The geography of inequality

For Quartz, I wrote about the geography of the unequal economic recovery in the US. Coastal cities with thriving economies have become unaffordable for the average worker; heartland cities that are affordable have few jobs, and most Americans cannot afford to move:

In effect, we have two American economies. One is made up of expensive coastal zip codes where the pundits proclaiming “recovery” are surrounded by prosperity. The other is composed of heartland regions where ordinary Americans struggle without jobs. Over 50 million Americans live in what the Economic Innovation Group calls “distressed communities”—zip codes where over 55% of the population is unemployed. Of those distressed communities, over half are in the South, defined generously by the census as the region stretching from Maryland and Delaware to Oklahoma and Texas. The rest tend to live in Midwest rust belt cities that have long suffered from economic decline, like Gary, Indiana and Cleveland, Ohio. It is nearly impossible for Americans of the latter group to move to the cities of the former group—or to work in the industries that shape public perception of how the economy is going.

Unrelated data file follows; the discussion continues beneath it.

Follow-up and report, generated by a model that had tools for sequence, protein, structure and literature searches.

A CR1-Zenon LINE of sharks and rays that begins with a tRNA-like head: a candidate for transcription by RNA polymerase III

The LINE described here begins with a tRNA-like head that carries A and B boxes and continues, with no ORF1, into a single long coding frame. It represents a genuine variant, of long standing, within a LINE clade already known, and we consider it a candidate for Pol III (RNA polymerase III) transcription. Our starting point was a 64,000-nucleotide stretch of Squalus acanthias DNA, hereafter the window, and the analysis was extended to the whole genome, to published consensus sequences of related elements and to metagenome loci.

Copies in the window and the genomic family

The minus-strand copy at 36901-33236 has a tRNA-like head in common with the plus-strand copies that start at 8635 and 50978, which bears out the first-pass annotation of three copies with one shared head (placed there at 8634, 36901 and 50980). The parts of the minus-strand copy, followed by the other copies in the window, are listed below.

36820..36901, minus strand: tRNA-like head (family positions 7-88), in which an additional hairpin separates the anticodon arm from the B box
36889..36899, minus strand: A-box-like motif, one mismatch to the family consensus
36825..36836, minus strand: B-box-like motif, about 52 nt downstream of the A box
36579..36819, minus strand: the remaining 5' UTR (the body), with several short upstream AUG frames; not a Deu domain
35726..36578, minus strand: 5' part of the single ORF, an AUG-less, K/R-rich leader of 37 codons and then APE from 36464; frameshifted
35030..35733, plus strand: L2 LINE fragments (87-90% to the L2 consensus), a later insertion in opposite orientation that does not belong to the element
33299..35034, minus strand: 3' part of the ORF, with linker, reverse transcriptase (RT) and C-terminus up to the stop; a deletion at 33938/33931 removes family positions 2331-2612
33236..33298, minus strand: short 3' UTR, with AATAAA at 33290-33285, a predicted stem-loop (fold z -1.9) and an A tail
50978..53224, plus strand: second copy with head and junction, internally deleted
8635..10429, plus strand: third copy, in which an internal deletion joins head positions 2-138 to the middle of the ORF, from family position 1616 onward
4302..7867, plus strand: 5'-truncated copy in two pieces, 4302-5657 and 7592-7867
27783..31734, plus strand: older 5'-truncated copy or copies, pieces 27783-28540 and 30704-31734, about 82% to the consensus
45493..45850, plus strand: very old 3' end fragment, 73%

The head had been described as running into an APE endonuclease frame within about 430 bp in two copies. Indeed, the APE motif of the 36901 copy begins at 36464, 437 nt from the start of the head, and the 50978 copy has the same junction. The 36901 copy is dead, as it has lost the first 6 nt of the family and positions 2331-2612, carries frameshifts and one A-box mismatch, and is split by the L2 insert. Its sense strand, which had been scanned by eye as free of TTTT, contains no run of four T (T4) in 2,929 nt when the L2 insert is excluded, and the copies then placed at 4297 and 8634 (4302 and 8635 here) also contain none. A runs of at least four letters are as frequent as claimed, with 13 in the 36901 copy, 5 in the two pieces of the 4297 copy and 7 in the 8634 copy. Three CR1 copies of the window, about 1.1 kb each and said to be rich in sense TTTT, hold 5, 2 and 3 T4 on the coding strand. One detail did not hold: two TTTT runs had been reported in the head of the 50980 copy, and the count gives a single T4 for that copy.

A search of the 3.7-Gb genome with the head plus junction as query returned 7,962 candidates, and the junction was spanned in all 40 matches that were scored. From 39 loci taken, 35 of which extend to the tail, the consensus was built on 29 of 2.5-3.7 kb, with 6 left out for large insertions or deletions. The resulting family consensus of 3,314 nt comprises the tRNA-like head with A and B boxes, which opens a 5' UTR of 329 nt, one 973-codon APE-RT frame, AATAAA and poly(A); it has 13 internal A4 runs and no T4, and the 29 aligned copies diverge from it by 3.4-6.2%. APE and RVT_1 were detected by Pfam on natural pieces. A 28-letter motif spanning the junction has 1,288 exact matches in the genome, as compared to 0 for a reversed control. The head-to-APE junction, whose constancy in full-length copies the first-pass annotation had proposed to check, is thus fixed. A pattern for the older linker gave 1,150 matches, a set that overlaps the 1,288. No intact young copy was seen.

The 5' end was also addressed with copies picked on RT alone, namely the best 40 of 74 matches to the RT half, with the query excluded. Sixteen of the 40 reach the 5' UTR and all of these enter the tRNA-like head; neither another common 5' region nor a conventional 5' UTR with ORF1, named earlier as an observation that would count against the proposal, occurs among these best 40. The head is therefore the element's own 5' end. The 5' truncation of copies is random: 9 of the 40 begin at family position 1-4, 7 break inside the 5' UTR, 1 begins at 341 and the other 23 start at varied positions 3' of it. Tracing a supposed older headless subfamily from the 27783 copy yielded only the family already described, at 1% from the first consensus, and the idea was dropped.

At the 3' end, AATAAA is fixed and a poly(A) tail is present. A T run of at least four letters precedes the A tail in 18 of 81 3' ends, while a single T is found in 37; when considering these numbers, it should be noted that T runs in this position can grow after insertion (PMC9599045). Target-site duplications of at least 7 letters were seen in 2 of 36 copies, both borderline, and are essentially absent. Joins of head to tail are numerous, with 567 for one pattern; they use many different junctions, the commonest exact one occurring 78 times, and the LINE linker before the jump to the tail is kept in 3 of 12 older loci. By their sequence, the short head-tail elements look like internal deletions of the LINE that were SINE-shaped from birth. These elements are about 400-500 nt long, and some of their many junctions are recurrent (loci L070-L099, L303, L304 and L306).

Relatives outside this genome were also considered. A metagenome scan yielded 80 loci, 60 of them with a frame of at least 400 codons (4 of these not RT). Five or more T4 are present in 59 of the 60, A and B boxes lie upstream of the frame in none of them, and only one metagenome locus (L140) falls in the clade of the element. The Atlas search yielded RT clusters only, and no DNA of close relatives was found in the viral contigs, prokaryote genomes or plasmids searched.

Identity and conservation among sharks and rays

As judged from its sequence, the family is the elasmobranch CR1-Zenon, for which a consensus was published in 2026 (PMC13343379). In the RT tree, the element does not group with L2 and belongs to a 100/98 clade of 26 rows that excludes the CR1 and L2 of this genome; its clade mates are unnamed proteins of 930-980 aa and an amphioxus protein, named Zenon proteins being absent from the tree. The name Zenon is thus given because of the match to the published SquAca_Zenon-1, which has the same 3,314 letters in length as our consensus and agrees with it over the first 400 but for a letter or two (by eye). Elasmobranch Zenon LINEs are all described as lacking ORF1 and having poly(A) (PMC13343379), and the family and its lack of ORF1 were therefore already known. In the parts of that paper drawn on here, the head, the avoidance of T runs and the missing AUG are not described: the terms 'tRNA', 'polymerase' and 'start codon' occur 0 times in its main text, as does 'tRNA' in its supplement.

The result is the populist rage that has consumed the 2016 election, whether from left-leaning supporters of Sanders or right-learning supporters of Trump.

The unequal geographic recovery has put the average American in an impossible situation. Most cities that have thriving economies—coastal cities like New York or San Francisco, for example–have become exorbitantly expensive over the past decade, with rents tripling or even quadrupling, forcing lower-income residents to flee to the exurbs. Cities where rent is cheap—Midwestern cities like St. Louis, Missouri, or Southern cities like Jackson, Mississippihave some of the worst economies in the country, ranking in the bottom ten of Brookings’ 2016 study on 2009-2014 job growth.

Read the whole thing at Quartz

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